Auto-related provisions promise to be among the most contentious elements of the proposed Trans Pacific Partnership as it moves towards final Congressional approval, following negotiations with a dozen different Pacific Rim countries produced a tentative agreement on a new trade deal.
The United States, Japan, Canada, Mexico and eight other nations, among them Vietnam, Australia, New Zealand, Chile and Ecuador, unveiled the deal Monday after eight years of talks. A final deal came after almost a week of talks in Atlanta resolved final disputes over dairy, pharmaceutical drugs and automobile export rules, according to the New York Times.
The pact was designed to place the signatories, including the United States, in a stronger position in the economic competition with China. However, a number of nations with ties to the global auto industry such as the Thailand and the Philippines are not parties to the agreement.
Ford Motor Co. has already attacked the final draft of the agreement reached this week, complaining that it doesn’t go far enough in attacking currency manipulation by Japan, home of the company’s rivals Toyota, Nissan and Honda.
“U.S. lawmakers took unprecedented action to set a clear negotiating objective for addressing currency manipulation in all future trade deals,” Ziad Ojakli, group vice president for government and community relations for Ford, said in a statement released before the deal was announced.
“The TPP fails to meet that test. To ensure the future competitiveness of American manufacturing, we recommend Congress not approve TPP in its current form, and ask the administration to renegotiate TPP and incorporate strong and enforceable currency rules. This step is critical to achieving free trade in the 21st century,” Ojakli said.
American carmakers have complained their Japanese manufacturers used an exchange rate that is kept artificially low by the Bank of Japan as a competitive advantage in markets around the world. Japanese carmakers, led by Toyota, have just as vigorously denied the charge.
Michigan’s Congressional delegation, which is heavily influenced by both the auto industry and by the United Auto Workers, also is lining up against the proposed trade agreement. Gary Peters, Michigan’s freshman Democratic Senator, also said the TPP doesn’t go far enough in addressing currency manipulation.
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“TPP is a sweeping agreement that touches nearly every aspect of your daily life. It impacts the food you eat, the air you breathe, the medicines you take, and the cars you drive. It will impact demand for the world-class farming equipment tens of thousands of UAW members build,” UAW President Dennis Williams said in a statement.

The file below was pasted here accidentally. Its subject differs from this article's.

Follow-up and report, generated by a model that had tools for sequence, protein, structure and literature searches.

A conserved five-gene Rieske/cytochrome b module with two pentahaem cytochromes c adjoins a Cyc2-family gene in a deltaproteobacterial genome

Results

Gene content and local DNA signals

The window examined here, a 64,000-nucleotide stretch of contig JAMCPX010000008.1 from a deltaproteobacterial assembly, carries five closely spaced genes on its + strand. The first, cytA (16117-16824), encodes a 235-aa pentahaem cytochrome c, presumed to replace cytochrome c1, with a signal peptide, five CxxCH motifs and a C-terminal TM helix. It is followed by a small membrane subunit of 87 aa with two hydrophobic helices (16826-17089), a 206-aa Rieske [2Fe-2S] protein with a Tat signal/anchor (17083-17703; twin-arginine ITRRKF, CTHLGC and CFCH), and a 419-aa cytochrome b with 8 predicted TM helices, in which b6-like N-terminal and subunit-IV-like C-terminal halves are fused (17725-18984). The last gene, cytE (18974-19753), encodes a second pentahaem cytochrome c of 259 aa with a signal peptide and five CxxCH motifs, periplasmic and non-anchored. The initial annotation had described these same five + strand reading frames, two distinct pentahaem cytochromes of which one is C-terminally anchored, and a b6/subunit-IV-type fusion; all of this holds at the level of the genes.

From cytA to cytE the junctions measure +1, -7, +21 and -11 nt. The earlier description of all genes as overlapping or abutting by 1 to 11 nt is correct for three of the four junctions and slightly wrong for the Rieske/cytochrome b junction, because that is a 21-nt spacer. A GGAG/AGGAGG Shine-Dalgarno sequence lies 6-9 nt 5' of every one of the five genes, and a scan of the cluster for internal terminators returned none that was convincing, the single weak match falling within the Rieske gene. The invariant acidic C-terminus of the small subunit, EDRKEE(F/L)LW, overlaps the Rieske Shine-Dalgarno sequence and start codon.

“If factories close revenue shortfalls and budget cuts will ensue and UAW members whose jobs serve the public would suffer. The more than 100,000 UAW members who work for auto suppliers might be faced with a flood of subsidized imports. In fact, auto suppliers produce hundreds of billions of goods and support more than three and a half million U.S. jobs directly and indirectly.”
The Trans Pacific Partnership is designed to phase out thousands of import tariffs as well as other barriers to international trade, like Japanese regulations that keep out some American-made autos and trucks. It also would establish uniform rules on corporations’ intellectual property, and open the Internet even in communist Vietnam.
The Office of the United States Trade Representative said the tentative agreement will lead to the elimination of some 18,000 tariffs that the participating countries have placed on American exports, including autos, machinery, information technology and consumer goods, chemicals and agricultural products as varied as avocados in California and wheat, pork and beef from the Plains states.
Some tariffs, including the so-called “Chicken Tax” the 25% tariff that has limited the import of light-duty trucks into to the U.S., are phased out gradually. Over the years, General Motors, Ford and the former Chrysler Group have tightened their grip on the U.S. market for pickup trucks, which will be very difficult for any Asian or European manufacturers, but they also apparently gained a long phase out period that could extend for three decades, according to documents released by Canada.
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A separate agreement between the United States and European Union that would clear the way for harmonizing key safety and air pollution regulations is also in the works.
President Barack Obama sees the TPP as a cornerstone of his administration’s economic legacy, and a way to boost exports of U.S.-made products. His administration also seeks a deal with Japan as crucial, since the world’s third-largest economy is a critical ally in a region where China is expanding its influence.
“This partnership levels the playing field for our farmers, ranchers, and manufacturers by eliminating more than 18,000 taxes that various countries put on our products,” Obama said in a statement. “It’s an agreement that puts American workers first and will help middle-class families get ahead.”
However, under the so-called fast-track rules passed by Congress this past summer, the administration must give Congress 90 days notice of a final agreement before a vote is held. The U.S. International Trade Commission must also complete an economic analysis of the deal before Congress votes. A vote by Congress is not expected until next spring at the earliest during the height of 2016 political season.
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The trade agreement is also likely to draw fire from some Republican Presidential candidates, particularly Donald Trump, who is recent weeks has excoriated Ford for announcing an expansion of its manufacturing base in Mexico.